How to convert an 110V AV receiver to be used on 220V ?

Discussion in 'General Electronics Chat' started by evolutionX, Aug 23, 2008.

  1. evolutionX

    Thread Starter Active Member

    Aug 22, 2008
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    Is there a simple method to convert an 110V AV receiver to 220V ? I think the factory uses the same power transformer for both the european and US market ?
     
  2. hgmjr

    Moderator

    Jan 28, 2005
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    One way is to use stepdown transformer.

    hgmjr
     
  3. evolutionX

    Thread Starter Active Member

    Aug 22, 2008
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    that's not a good solution, because the transformer is heavy and the shipping from US to Europe is expensive, it's also big and impractical.
    Isn't it possible to modify the AV receiver to use it's own transformer with 220V ?
     
  4. SgtWookie

    Expert

    Jul 17, 2007
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    The only thing we currently know about your situation is that you have an AV receiver designed for 110V, and you want to run it on 220V.

    That isn't a whole lot to go on.

    Is it too much to ask to supply a manufacturer's name and model number?
     
  5. evolutionX

    Thread Starter Active Member

    Aug 22, 2008
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    Denon AVR-2809 or ONKYO TX-SR705
     
  6. Audioguru

    New Member

    Dec 20, 2007
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    I didn't find their schematic but I bet the transformer has two primary windings. In series they are for 220V and in parallel they are for 110V.
     
  7. evolutionX

    Thread Starter Active Member

    Aug 22, 2008
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    I have a european Denon AVR-1907 which is designed to work with 220V, on the transformer it's written Denon Power Transformer 5133333, can you find this ?
    I'm curious if this is the same transformer as in the 110V version. :)
     
  8. sastad

    New Member

    Aug 28, 2008
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    Hi
    I have a denon avr-788 which i think is the us version of avr-1908. On the power transformer it says 5133333, so i think it´s the same.
     
  9. blocco a spirale

    AAC Fanatic!

    Jun 18, 2008
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    Why would a transformer need to be shipped from the US to Europe rather than bought locally?
     
  10. sastad

    New Member

    Aug 28, 2008
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    i asked denon about using foreign voltage, and here´s the answers:

    Customer (me) 08/27/2008 04:55 PM
    Hi
    I have a Denon AVR-788 receiver. Is it possible to use this with 230 V 50 Hz ?

    Response (Ean Levy) 08/27/2008 05:12 PM
    Yes, but you will need to use a step down transformer.


    Customer (Svein Astad) 08/28/2008 01:58 PM
    Is it possible to change the internal transformer?

    Response (Ean Levy) 08/28/2008 02:03 PM
    No.

    That´s it.
     
  11. evolutionX

    Thread Starter Active Member

    Aug 22, 2008
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    They won't tell you that you can mess with the internal electronics, even if the US and European model shares the same power transformer.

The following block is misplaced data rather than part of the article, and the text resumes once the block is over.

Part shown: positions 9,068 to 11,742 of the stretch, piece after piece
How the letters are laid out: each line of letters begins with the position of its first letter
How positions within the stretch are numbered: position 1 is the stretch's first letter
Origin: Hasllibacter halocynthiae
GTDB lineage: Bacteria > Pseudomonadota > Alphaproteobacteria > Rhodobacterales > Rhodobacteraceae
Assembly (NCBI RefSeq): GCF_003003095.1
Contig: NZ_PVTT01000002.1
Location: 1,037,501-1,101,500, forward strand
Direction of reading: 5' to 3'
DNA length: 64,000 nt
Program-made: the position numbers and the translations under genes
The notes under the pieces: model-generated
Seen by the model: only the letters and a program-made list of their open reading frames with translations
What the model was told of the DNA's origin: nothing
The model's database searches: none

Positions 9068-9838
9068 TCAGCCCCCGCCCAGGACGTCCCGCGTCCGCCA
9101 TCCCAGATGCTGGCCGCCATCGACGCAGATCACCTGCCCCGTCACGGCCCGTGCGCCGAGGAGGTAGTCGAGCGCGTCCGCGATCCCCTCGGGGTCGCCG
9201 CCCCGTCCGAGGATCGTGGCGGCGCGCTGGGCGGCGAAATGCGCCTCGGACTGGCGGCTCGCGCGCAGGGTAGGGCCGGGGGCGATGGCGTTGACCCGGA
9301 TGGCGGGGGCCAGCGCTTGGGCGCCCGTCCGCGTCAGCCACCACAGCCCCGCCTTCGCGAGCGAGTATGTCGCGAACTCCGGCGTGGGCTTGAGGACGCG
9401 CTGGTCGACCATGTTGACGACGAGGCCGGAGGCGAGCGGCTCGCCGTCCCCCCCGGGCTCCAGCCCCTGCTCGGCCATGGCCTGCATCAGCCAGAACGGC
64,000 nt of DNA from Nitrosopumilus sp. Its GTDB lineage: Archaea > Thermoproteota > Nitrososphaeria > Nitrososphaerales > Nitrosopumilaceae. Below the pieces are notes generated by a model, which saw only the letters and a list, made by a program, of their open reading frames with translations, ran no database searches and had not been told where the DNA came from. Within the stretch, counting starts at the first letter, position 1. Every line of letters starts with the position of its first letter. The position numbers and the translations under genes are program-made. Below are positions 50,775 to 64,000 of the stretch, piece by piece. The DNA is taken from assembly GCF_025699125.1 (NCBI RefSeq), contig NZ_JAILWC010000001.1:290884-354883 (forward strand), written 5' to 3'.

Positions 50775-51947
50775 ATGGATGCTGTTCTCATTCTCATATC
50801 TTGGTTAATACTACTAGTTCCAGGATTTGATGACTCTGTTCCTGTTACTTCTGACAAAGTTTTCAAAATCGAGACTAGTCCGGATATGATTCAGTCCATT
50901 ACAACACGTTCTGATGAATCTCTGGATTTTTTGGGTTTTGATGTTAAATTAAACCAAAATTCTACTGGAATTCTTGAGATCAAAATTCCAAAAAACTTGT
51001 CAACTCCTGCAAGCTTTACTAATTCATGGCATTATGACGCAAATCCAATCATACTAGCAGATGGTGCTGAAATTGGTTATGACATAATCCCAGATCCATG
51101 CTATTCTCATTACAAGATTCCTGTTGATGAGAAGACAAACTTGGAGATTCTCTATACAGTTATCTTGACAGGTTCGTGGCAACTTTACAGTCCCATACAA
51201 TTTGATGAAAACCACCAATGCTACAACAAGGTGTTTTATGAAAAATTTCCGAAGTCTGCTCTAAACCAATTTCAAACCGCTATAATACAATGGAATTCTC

12. RmACK

    Active Member

    Nov 23, 2007
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    Are you able to remove the cover & upload a photo of the transformer?
     
  13. evolutionX

    Thread Starter Active Member

    Aug 22, 2008
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    sure, I have attached 3 photos
     
  14. SgtWookie

    Expert

    Jul 17, 2007
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    Well, just a wild guess suggests that the yellow and black are the primary windings. However, you have the two reds and a yellow coming from the other side (nearest the corner). Those might be high current, high voltage secondaries for the amp output. However, you'll have to do some circuit tracing to figure out what they really are. A wrong guess here will mean repair costs that will make the 220v-120v step-down transformer dirt cheap by comparison.
     
  15. evolutionX

    Thread Starter Active Member

    Aug 22, 2008
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    but I don't know if the step down tranformer makes the US 60Hz to 50Hz conversion
     
  16. SgtWookie

    Expert

    Jul 17, 2007
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    Actually, 60Hz vs 50Hz shouldn't really matter that much, unless the 60Hz portion was being used for a clock display.
     
  17. beenthere

    Retired Moderator

    Apr 20, 2004
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    From the proximity to the fuse and what appears to be line filters, the yellow/black pair is probably the primary. That means a single primary, so it won't convert to 220 volts.

    If you have a meter, pull the yellow/black connector, attach leads to the connector pins on the board and turn on power. If you see 120 VAC, then that is the power input to the transformer.
     
  18. evolutionX

    Thread Starter Active Member

    Aug 22, 2008
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    please note that this is the 220V version of AV receiver
     
  19. SgtWookie

    Expert

    Jul 17, 2007
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    OK, so do you have the 110V version? Can you post photos of the guts of it?
     
  20. evolutionX

    Thread Starter Active Member

    Aug 22, 2008
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    No, I don't have the 110V version, I am planing to buy one, and that's why I want to know if I can convert it to 220V. In US the same model is 50-60% cheaper than here in Europe.
     
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